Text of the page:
1. Motor vehicle collisions are the number one cause of death by preventable injury for Canadian children between the ages of one and nine (Public Health Agency of Canada, 2008).
2. Misuse rates range from 44% to 81% for car seats, and 30% to 50% for booster seats (Canadian Paediatric Society, 2008).
3. According to the Canadian Paediatric Society (2008), when used correctly, child seats reduce the risk of fatal injury by 71% and risk of serious injury by 67%. Using a booster seat instead of just a seat belt alone iis a reduction of 59% in injury risk.
Parents and caregivers can choose the right car seat or booster seat for their child and make sure it is used properly for every single ride.
1. Choose the right seat for your child's height, weight, and developmental stage.
2. Car seats have any expiry date. If not listed on the seat itself, you can call the manufacturer directly to get the expiry date for your model. Do not use a seat that has been in a crash or seat for which you do not know the history.
3. Make sure the seat is installed securely. You can test this by grabbing the base of the seat where you have secured it at the belt path and give it a firm shake. You do not want to be able to move the seat more than an inch from front to back and side to side.
4. Make sure your child is harnessed in correctly. The harness should lie flat with the chest clip at armpit level. To check whether the harness is secure, do the "pinch test": pinch the harness strap at the shoulder; the straps are tight enough when you can no longer grab any excess webbing.
5. Do not rush to move your child to the next stage of car seat. As long as they meet the requirements of that seat and stage, you can leave them in the position that the seat allows. For example, just because they have reached the minimum requirements to move into a booster seat, you should leave them harnessed until they have reached the maxium height/weight for the harnessed seat.
6. Keep your child rear-facing for as long as possible. It's the safest position for your child, as it protects their weak head and neck. Most children can stay rear-facing until at least the age of two.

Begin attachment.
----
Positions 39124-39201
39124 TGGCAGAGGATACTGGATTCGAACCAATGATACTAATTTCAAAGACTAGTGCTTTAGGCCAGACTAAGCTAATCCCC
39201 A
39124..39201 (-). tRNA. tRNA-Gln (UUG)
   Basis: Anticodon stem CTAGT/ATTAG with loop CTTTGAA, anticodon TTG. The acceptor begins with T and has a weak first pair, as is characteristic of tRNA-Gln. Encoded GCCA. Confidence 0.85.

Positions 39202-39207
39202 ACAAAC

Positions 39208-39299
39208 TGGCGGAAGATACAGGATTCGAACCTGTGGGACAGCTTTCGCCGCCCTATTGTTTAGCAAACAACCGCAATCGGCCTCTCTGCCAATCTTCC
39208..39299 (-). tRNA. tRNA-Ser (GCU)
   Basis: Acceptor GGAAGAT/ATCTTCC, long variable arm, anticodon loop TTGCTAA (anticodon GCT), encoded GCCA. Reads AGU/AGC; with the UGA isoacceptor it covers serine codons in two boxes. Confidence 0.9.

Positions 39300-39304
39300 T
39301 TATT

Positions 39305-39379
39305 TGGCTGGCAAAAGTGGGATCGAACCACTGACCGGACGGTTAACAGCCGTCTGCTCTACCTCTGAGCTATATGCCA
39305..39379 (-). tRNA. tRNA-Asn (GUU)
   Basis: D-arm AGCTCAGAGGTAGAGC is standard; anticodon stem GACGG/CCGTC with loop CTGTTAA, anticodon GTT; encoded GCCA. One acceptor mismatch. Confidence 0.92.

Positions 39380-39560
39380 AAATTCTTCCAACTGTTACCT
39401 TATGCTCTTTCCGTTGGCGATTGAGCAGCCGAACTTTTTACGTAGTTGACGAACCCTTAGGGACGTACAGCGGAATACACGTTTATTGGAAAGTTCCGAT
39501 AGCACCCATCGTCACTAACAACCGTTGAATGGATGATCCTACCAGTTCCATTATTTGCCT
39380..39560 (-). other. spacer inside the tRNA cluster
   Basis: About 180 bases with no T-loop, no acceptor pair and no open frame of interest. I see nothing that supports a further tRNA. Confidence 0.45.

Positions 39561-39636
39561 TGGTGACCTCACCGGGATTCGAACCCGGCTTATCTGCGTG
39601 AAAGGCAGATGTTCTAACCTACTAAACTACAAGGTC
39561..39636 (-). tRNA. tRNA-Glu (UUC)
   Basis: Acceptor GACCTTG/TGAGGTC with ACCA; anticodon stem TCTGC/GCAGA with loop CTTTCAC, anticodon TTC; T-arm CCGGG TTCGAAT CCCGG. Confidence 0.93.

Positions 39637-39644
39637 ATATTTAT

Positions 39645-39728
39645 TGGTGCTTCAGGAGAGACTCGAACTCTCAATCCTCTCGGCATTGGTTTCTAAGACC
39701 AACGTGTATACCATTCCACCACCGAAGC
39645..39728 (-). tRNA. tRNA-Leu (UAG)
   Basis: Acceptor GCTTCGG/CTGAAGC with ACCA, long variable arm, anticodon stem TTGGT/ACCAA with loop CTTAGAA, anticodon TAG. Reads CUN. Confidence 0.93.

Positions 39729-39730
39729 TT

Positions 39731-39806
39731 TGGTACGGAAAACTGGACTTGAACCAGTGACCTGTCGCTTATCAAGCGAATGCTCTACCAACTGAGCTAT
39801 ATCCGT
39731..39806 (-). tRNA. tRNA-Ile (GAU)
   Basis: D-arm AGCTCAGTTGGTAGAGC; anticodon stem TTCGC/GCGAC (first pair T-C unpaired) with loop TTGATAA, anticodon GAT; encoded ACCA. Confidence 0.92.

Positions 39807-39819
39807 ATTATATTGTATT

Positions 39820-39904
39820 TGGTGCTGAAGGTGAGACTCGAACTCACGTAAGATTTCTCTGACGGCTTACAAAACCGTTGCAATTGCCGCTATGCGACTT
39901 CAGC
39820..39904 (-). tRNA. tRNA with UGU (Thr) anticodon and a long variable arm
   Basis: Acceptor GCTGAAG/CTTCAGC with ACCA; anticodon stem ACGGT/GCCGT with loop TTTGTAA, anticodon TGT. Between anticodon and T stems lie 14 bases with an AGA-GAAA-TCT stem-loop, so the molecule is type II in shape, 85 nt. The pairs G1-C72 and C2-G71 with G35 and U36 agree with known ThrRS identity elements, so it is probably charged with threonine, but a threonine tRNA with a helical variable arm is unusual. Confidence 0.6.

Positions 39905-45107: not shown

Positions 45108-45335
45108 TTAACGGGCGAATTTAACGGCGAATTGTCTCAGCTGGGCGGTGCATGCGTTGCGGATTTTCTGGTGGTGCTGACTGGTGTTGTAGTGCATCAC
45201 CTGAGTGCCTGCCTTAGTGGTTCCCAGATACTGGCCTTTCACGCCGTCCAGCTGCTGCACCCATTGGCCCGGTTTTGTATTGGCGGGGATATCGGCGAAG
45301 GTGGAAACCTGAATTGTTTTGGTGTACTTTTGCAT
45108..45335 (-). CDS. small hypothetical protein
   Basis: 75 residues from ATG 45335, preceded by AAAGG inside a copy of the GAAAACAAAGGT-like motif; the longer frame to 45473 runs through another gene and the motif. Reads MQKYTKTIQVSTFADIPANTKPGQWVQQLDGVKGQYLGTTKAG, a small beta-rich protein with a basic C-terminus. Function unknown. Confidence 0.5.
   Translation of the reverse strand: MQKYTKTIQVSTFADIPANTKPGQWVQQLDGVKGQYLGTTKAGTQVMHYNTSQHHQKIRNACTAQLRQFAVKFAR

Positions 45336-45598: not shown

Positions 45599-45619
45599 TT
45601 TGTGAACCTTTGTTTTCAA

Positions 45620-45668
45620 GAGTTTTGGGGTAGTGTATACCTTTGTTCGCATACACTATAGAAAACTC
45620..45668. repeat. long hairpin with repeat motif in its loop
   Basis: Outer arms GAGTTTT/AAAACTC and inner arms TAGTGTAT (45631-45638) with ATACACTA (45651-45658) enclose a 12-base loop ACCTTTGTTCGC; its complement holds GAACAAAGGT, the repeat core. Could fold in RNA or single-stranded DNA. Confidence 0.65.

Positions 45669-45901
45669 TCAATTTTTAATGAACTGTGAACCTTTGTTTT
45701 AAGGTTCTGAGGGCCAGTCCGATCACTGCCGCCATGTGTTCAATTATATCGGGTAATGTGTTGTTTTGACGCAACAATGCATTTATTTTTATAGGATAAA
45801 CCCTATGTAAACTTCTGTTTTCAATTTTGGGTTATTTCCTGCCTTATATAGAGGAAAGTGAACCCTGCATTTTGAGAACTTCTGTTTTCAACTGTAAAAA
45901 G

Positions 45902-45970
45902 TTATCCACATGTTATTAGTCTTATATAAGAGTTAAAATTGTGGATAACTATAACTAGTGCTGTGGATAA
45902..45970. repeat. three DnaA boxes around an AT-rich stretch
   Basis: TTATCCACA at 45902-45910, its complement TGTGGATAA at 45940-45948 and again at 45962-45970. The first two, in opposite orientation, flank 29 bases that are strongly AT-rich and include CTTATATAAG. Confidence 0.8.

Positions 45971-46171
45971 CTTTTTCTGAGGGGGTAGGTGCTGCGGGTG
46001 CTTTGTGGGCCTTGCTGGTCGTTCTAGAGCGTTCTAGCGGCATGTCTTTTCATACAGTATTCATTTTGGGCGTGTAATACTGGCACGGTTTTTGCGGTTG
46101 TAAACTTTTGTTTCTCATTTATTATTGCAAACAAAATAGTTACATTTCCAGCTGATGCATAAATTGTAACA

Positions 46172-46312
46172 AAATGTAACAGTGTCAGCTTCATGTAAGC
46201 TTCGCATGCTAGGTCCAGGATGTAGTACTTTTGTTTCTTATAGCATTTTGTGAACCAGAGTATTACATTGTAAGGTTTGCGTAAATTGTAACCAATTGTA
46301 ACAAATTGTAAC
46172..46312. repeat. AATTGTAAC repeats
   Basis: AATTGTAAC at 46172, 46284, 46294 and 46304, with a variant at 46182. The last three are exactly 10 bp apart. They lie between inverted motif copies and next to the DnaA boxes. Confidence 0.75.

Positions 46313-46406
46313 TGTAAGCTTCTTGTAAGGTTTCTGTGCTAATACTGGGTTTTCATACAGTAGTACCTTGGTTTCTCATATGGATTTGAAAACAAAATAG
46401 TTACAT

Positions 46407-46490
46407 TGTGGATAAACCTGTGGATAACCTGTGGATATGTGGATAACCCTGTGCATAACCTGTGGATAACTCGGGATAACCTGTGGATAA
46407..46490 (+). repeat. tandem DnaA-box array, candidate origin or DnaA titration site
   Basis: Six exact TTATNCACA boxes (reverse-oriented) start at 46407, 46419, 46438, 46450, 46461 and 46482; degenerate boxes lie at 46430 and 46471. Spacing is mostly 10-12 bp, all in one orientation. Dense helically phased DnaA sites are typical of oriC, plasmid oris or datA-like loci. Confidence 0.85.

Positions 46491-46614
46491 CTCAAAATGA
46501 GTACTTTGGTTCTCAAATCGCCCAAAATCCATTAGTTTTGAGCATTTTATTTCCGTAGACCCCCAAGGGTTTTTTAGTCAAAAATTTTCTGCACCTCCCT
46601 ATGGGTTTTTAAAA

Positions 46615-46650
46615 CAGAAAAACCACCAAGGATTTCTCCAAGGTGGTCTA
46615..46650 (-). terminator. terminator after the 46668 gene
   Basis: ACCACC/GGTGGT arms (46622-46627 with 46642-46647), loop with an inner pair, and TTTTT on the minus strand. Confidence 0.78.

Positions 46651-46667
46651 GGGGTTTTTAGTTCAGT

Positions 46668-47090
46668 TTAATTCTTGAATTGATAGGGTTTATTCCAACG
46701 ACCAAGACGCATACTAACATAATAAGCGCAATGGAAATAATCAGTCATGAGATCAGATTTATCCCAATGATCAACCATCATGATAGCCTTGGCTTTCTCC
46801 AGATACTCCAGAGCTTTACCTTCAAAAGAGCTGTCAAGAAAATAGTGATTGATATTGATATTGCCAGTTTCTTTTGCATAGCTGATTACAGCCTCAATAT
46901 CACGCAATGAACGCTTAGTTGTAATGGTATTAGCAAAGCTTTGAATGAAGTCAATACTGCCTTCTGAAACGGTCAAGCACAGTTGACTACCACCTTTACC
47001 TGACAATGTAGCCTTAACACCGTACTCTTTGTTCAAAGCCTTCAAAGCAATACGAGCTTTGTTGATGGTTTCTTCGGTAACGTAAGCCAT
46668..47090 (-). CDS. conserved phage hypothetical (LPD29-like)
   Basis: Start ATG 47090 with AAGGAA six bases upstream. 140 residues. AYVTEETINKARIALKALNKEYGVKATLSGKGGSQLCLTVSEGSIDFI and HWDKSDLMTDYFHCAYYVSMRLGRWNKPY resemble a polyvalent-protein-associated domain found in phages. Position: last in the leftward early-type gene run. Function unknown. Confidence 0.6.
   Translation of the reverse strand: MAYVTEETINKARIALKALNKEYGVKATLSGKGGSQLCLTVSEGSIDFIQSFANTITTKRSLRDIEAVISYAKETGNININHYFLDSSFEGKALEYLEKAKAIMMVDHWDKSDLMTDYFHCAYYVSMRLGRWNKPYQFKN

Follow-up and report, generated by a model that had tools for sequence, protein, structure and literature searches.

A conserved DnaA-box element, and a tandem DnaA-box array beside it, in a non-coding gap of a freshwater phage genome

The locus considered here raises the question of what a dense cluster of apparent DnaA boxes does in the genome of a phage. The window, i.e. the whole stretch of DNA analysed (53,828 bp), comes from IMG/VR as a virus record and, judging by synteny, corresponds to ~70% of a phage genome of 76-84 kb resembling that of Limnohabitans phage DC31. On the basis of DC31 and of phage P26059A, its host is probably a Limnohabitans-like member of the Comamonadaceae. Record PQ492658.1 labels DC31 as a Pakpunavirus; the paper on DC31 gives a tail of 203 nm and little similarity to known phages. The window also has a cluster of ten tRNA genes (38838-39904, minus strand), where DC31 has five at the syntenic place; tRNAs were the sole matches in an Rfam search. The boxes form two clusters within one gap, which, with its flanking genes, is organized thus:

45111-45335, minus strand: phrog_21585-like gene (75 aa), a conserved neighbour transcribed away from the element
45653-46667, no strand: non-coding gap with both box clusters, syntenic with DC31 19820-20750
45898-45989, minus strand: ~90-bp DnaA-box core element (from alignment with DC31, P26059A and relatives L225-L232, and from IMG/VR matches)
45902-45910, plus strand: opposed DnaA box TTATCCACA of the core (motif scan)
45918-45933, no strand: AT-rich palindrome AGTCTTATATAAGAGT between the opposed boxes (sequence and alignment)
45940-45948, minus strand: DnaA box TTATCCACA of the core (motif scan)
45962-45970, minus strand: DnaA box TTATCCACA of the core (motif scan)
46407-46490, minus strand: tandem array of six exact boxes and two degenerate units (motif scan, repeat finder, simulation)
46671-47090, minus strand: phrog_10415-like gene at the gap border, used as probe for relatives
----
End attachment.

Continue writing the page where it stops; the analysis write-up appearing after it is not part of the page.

7. Children 12 and under should stay in the back seat.
8. Don't rush to move your child out of a booster seat to a seat belt. The booster seat works to position the adult seat belt over the strong bones of your child's body. Children should not move into a seatbelt until they are at least 4'9 (145 cm). Check your provincial laws for any applicable booster seat laws and restrictions in your province.
You can do the following five-point test to see if you child is ready for a seat belt:
Click here to see watch the series of car seat installation videos.
Download information on the various stages of car seat, adapted from Child Safety Link:
1. Infant Seats
2. Rear-facing Seats
3. Forward-facing Seats
4. Booster Seats
5. Child Seat Belts
See also these additional resources from Child Safety Link:
|Britax Child Safety, Inc.||1-888-427-4829|
|Dorel Juvenile Group, Inc. (includes Cosco, Safety1st, Eddie Bauer)||1-800-387-2229|
|Evenflo Company, Inc.||1-937-773-3971|
|Graco Canada (distributed by Elfe Juvenile in Canada)||1-800-667-8184|
|Magna Aftermarket, Inc. (maker of clek brand)||1-866-656-2462|
|BMW Canada (includes Land Rover)||1-800-567-2691|
|Daimler Chrysler Canada (includes Jeep, Dodge)||1-800-465-2001|
|Ford Motor Company of Canada (includes Lincoln)||1-800-565-3673|
|General Motors Canada (includes Chevrolet, Saab, Saturn, Pontiac, Cadillac, Buick, Hummer)||1-800-463-7483|
|Honda Canada (includes Acura)||1-888-922-8729|
|Mitsibishi Motors Canada||1-888-576-4878|
Please see Transport Canada for car seat recalls.